Skinners Brewery at Truro uses an eclectic mix of images from Cornish mythology to promote the sale of their real ales. A good example is Betty Stogs. Betty was a Cornishwoman of folk tale fame who lived on moorland near Towednack and is used as a popular brand name by the brewery. She had a six month old baby who she neglected and it is said that concerned fairies took the baby. After cleaning it using the crystal clear waters of a local stream they returned it to Betty with a warning to be more prudent in the future. The link with the brewery and the cleansing of the infant probably being the purity of the water used by the brewery which could be favourably compared with the water used to wash the infant.
Cornish Knocker is a second legend from the realms of Cornish Mythology used by Skinners. It is unsurprising that mine related characters were chosen by the Brewery to promote one of their ales given the history of tin mining in Cornwall. The knockers were said, contentiously, to guide miners to the tin stream deposits in return for the miners leaving them the crimp crusts from the edges of their staple food, the Cornish pasty. I reiterate this is a contentious yet flippant point challenged by many Cornish folklorists.
Betty Stogs and Cornish Knocker courtesy of Skinner’s Brewery
Real Amber ale called Doom Bar brewed by Sharps on the North coast of Cornwall is named after a notorious sand bar which creates a hazard to shipping at the entrance to the harbour at Padstow.  On the face of it no likely connection with Cornish myths and legends is evident. However that assumption would be wrong, given the sand bar was said to have been created by a mermaid in revenge for her death at the hands of a suiter she rejected.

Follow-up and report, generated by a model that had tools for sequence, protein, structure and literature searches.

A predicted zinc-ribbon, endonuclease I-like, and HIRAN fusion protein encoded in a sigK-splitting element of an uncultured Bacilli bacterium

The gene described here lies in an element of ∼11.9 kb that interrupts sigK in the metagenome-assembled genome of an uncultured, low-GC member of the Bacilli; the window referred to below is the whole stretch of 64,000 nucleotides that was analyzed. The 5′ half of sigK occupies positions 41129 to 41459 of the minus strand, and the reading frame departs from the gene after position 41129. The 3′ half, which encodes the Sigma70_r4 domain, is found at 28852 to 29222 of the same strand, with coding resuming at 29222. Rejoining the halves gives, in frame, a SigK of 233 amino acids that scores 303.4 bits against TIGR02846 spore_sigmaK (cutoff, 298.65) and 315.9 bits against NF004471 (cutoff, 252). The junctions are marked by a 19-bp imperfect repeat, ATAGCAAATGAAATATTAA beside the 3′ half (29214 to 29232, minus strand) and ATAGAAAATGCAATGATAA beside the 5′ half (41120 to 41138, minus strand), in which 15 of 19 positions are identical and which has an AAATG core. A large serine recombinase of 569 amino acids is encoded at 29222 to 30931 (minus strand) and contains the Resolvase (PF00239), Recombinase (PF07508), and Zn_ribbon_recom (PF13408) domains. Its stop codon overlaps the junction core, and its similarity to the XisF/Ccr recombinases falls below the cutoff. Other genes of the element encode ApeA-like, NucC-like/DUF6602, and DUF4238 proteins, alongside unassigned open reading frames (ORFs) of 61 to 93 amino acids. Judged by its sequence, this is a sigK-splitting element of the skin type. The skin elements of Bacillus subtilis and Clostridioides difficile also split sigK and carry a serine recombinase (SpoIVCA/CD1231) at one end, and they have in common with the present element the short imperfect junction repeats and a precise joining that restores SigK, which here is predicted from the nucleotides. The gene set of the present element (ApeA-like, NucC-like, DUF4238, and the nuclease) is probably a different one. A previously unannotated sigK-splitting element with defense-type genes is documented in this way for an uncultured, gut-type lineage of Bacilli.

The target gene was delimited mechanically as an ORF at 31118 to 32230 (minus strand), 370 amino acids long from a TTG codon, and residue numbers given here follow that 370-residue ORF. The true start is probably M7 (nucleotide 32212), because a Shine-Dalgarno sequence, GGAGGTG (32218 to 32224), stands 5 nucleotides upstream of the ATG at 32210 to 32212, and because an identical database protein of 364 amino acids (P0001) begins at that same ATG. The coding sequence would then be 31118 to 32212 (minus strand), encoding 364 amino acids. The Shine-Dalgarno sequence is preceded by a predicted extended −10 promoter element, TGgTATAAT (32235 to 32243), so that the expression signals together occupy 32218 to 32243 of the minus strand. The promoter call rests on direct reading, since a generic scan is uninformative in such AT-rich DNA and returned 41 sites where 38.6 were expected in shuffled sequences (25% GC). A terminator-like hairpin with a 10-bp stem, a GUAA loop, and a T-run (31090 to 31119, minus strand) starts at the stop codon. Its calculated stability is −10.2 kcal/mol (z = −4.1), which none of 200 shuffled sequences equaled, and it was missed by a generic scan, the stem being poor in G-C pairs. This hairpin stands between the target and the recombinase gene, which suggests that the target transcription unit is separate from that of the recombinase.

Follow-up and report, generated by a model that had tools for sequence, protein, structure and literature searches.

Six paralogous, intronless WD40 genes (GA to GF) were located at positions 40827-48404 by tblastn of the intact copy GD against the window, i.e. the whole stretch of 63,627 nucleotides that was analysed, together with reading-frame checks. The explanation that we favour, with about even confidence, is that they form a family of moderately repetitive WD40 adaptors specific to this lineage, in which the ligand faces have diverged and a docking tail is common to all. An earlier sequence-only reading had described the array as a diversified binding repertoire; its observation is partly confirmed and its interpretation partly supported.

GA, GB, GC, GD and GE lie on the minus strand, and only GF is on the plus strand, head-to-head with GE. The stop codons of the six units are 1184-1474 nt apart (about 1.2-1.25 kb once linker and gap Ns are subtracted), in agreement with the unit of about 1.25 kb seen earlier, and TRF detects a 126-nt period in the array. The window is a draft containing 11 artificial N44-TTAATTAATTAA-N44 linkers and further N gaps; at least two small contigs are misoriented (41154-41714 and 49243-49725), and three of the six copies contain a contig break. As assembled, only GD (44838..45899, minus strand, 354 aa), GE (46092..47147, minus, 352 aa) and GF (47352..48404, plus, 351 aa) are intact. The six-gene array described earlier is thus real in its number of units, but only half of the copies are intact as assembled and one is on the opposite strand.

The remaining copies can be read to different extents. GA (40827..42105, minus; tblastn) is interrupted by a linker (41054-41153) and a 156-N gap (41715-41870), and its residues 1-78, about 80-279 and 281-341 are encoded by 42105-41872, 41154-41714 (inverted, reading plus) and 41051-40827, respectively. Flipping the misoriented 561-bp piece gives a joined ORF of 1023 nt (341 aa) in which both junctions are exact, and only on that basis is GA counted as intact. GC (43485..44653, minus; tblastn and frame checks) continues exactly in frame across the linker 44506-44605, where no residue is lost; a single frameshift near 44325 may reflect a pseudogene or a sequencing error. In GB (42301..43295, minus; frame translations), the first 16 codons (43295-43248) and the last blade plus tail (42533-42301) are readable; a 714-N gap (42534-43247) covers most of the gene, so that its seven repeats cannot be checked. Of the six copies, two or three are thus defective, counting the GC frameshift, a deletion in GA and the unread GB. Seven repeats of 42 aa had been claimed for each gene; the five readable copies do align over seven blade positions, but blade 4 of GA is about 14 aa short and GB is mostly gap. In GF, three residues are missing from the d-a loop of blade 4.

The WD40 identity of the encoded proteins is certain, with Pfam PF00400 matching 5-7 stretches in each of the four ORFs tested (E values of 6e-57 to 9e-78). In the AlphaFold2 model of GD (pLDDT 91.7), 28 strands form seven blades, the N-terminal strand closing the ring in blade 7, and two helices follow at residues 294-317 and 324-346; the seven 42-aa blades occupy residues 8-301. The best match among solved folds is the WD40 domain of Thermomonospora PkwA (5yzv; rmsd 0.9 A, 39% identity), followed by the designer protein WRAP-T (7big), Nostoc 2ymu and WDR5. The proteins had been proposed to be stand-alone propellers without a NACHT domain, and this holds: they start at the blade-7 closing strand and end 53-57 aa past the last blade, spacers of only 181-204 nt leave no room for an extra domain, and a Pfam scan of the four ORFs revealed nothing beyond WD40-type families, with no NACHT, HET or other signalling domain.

The latter connection brings us neatly onto the first article in the series penned by Eleanor Frampton of York University. Her piece is based on the story of the Cornish Mermaid of Zennor yet her narrative incorporates a varied raft of interesting material relating to Mermaids in general. Eleanor’s article will then be followed by one penned by Ron James based on his recently published book Folklore of Cornwall and the Oral Traditions of a Celtic Nation.
Notes and References
 Craig Weatherhill and Paul Devereux, Myths and Legends of Cornwall, Sigma Legends, 1994.
 Benjamin Radford, ‘The Lore and Lure of Ley Lines’ , Live Science, 20 November 2013
www.livescience.com/41349-ley-lines.html [last accessed 6 February 2020]
 Helen Murphy Howell, ‘Britain’s Corpse Roads’, Exemplore, updated 18 May 2016, www.exemplore.com/paranormal/Britains-Corpse-Roads-And-Spirit-Lights [last accessed 17 February 2020]
 Ron James, Folklore of Cornwall: The Oral Tradition of a Celtic Nation, University of Exeter Press, 2019.
 Alan M Kent, The Beast of Bodmin Moor – Best Goon Brèn, Evertype, 2011: see also Emer Scully, ‘Is this the Beast of Cornwall?’ www.dailymail.co.uk/news/article-6898607/Cornwall-big-cat-sighting-feline-size-Alsatian-spotted-field.html[last accessed 9 January 2020]
 ‘Excalibur’, www.britannica.com/topic/Excalibur-Arthurian-legend [last accessed 9 January 2020]
 ‘Tregeagle’, www.cornwallheritagetrust.org/project/tregeagle/ [last accessed 12 January 2020]
 Enys Tregarthen, Pixie Folklore and Legends, Gramercy, reprint edition, 1999.
 ’Padstow May Day’, Visit Cornwall, https://www.visitcornwall.com/whats-on/traditional-cultural/north-coast/padstow/padstow-may-day [last accessed 12 January 2020]
 Alan M Kent, The Festivals of Cornwall: Ritual, Revival and Reinvention, Redcliffe Press, 2018.
 Mukti Jain Campion, ‘How the world loved the Swastika – until Hitler stole it’, 23 October 2014, https://www.bbc.co.uk/news/magazine-29644591 [last accessed 12 January 2020]
 Robert Hunt, Popular Romances of the West of England, 3rd edition, 1903, www.sacred-texts.com/neu/eng/prwe/index.htm [last accessed 22 January 2020]
 ‘Towednack’, www.cornwalls.co.uk/towednack, [last accessed 27 January 2020]
 Icy Sedgwick, ‘Who are the Knockers of Cornish Folklore?’, www.icysedgwick.com [last accessed 22 January 2020]
 ‘Mermaids of Cornwall’, www.thevalleycornwall.co.uk/news/mermaids-cornwall-tales/[last accessed 13 January 2020]